Property and casualty insurer The Allstate Corporation (ALL - Free Report) expects to incur catastrophe loss of $199 million, pretax ($129 million after tax), for the month of Oct 2016.
The expected loss will be incurred due to Hurricane Matthew, which affected the states of Florida, Georgia, North Carolina, South Carolina and Virginia.
As Allstate deals with the property and casualty business, it is significantly exposed to catastrophic events. Given the continued occurrence of weather-related events, catastrophe losses swelled to $2.35 billion in 2012 and $3.82 billion in 2011, radically exceeding $2.21 billion in 2010 and $2.07 billion in 2009, pushing up claims and benefits’ expenses, and hurting cash flow. In 2013, catastrophe losses declined year over year to $1.25 billion but increased again to $1.99 billion in 2014 and was $1.72 in 2015.
For the first six months of this year, the company incurred catastrophe losses of $1.79 billion, which is higher than $1.09 billion incurred in the year-ago period. Net income for the first half of 2016 also declined to $459 million from $974 million owing to higher catastrophe losses. Also, claims expense rose to $11.6 billion from $10.6 billion in the year-ago period. In the third quarter, the company’s earnings declined 17.1% on a year-over-year basis, due to 78% year-over-year higher catastrophe losses of $481 million up.
Allstate is focusing on reducing losses through its catastrophe management strategy and reinsurance programs, while maintaining its underlying combined ratio. However, we cannot rule out the possibility of significant losses from catastrophes and severe weather incidents, going forward.
The insurance industry enjoyed a peaceful time in the past several quarters till the first half of 2016, which was ravaged by calamities. The second quarter of the year experienced varied catastrophes, including a wildfire in Canada, flooding in Europe, earthquakes in Japan and Ecuador, and hailstorms in Texas. The industry incurred an approximate loss of $15 billion to over $20 billion owing to 25 weather-related events.
Going by a Munich Re report, U.S. economic losses caused by natural catastrophes in the first half of 2016 were $17 billion compared with $12 billion in the year-ago period. Insured losses due to natural disasters in the United States in 2015 totaled $16.1 billion, more than $15.3 billion in 2014.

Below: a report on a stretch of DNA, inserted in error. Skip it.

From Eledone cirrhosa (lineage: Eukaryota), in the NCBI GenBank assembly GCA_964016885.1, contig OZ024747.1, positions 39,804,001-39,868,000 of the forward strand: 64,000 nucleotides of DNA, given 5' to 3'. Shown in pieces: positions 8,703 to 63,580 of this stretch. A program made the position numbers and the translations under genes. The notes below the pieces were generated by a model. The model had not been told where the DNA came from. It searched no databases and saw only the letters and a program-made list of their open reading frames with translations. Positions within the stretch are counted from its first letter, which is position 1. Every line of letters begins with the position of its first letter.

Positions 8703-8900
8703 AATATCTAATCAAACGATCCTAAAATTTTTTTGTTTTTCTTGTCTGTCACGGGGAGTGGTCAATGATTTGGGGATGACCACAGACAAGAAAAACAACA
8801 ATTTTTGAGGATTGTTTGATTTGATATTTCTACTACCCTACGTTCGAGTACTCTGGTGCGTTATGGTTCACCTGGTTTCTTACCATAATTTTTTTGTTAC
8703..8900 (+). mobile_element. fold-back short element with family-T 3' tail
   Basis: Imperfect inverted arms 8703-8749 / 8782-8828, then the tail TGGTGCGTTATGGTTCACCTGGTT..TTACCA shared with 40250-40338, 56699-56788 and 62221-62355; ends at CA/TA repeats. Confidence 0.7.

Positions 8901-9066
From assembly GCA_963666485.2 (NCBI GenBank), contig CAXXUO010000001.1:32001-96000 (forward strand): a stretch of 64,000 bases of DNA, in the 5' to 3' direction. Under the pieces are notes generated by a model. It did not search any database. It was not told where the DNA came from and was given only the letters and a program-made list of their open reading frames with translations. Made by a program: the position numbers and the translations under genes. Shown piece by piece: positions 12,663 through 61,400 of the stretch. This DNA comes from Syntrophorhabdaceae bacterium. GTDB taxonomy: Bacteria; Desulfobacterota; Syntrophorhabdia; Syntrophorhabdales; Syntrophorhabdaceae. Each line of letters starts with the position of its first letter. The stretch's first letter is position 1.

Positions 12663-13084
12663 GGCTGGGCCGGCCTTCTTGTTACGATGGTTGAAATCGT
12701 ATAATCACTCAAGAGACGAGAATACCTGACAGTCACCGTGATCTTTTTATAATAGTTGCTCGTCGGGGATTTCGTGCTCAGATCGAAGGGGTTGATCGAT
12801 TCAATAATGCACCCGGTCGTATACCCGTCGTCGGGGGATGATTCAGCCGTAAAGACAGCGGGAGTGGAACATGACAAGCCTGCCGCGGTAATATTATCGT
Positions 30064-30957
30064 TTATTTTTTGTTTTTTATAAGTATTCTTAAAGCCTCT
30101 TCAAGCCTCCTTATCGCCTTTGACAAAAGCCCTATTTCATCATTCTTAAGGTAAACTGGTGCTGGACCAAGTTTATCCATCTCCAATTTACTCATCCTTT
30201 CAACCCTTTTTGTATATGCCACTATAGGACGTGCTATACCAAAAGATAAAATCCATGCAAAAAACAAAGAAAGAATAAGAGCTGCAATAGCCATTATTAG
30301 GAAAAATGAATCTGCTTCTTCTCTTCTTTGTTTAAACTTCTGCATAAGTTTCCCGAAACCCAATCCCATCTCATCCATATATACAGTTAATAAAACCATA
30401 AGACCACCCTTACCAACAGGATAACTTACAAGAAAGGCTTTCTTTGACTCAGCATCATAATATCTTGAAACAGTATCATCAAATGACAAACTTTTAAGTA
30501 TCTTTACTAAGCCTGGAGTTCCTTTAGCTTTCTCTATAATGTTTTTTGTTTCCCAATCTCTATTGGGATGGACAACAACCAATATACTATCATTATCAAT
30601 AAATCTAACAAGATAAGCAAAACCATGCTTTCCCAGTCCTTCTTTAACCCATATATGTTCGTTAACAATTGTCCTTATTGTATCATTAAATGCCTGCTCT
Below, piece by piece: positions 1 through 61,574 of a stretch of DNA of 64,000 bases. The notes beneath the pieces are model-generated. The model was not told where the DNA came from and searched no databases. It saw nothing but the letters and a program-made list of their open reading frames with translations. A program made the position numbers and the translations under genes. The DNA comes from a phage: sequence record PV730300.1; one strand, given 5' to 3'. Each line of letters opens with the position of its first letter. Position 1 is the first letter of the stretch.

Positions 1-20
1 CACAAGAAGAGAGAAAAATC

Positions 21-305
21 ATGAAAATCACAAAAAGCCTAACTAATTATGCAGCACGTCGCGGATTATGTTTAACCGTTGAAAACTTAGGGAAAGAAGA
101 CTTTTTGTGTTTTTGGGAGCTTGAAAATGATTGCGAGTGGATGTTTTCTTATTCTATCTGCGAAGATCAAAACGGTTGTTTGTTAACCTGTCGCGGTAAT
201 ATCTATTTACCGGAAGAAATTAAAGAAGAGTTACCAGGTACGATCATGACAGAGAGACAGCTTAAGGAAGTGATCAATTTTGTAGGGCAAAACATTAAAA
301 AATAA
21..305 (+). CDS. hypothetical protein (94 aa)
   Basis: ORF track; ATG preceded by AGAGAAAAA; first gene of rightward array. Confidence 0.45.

On the face of it, high catastrophe losses dent the industry’s margins and cause a spike in combined ratio which results in underwriting loss. Then again, these losses act as a catalyst in turning the insurance pricing cycle. In recent years, the industry amassed ample reserves owing to low catastrophe losses, which led to loose underwriting standards as insurers were compelled to lower their prices. This caused stiff competition and pricing woes in the industry.
A rise in catastrophe losses will cause a dent in capital and encourag players to try out disciplined underwriting by hiking premium prices. This should ultimately lead to a hard insurance cycle.
Allstate carries a Zacks Rank #3 (Hold). Investors may also consider other players like Alleghany Corp. (Y - Free Report) , Arch Capital Group Ltd. (ACGL - Free Report) and NMI Holdings, Inc. (NMIH - Free Report) . Each of these stocks carries a Zacks Rank #1 (Strong Buy). You can see the complete list of today’s Zacks #1 Rank stocks here.
Alleghany delivered positive surprises in three of the last four quarters, with an average beat of 20.52%.
Arch Capital beat expectations in each of the last four quarters, with an average beat of 9.27%.
NMI Holdings delivered positive surprises in each of the last four quarters, with an average beat of 62.8%.
Confidential from Zacks
Beyond this Analyst Blog, would you like to see Zacks' best recommendations that are not available to the public? Our Executive VP, Steve Reitmeister, knows when key trades are about to be triggered and which of our experts has the hottest hand. Click to see them now>>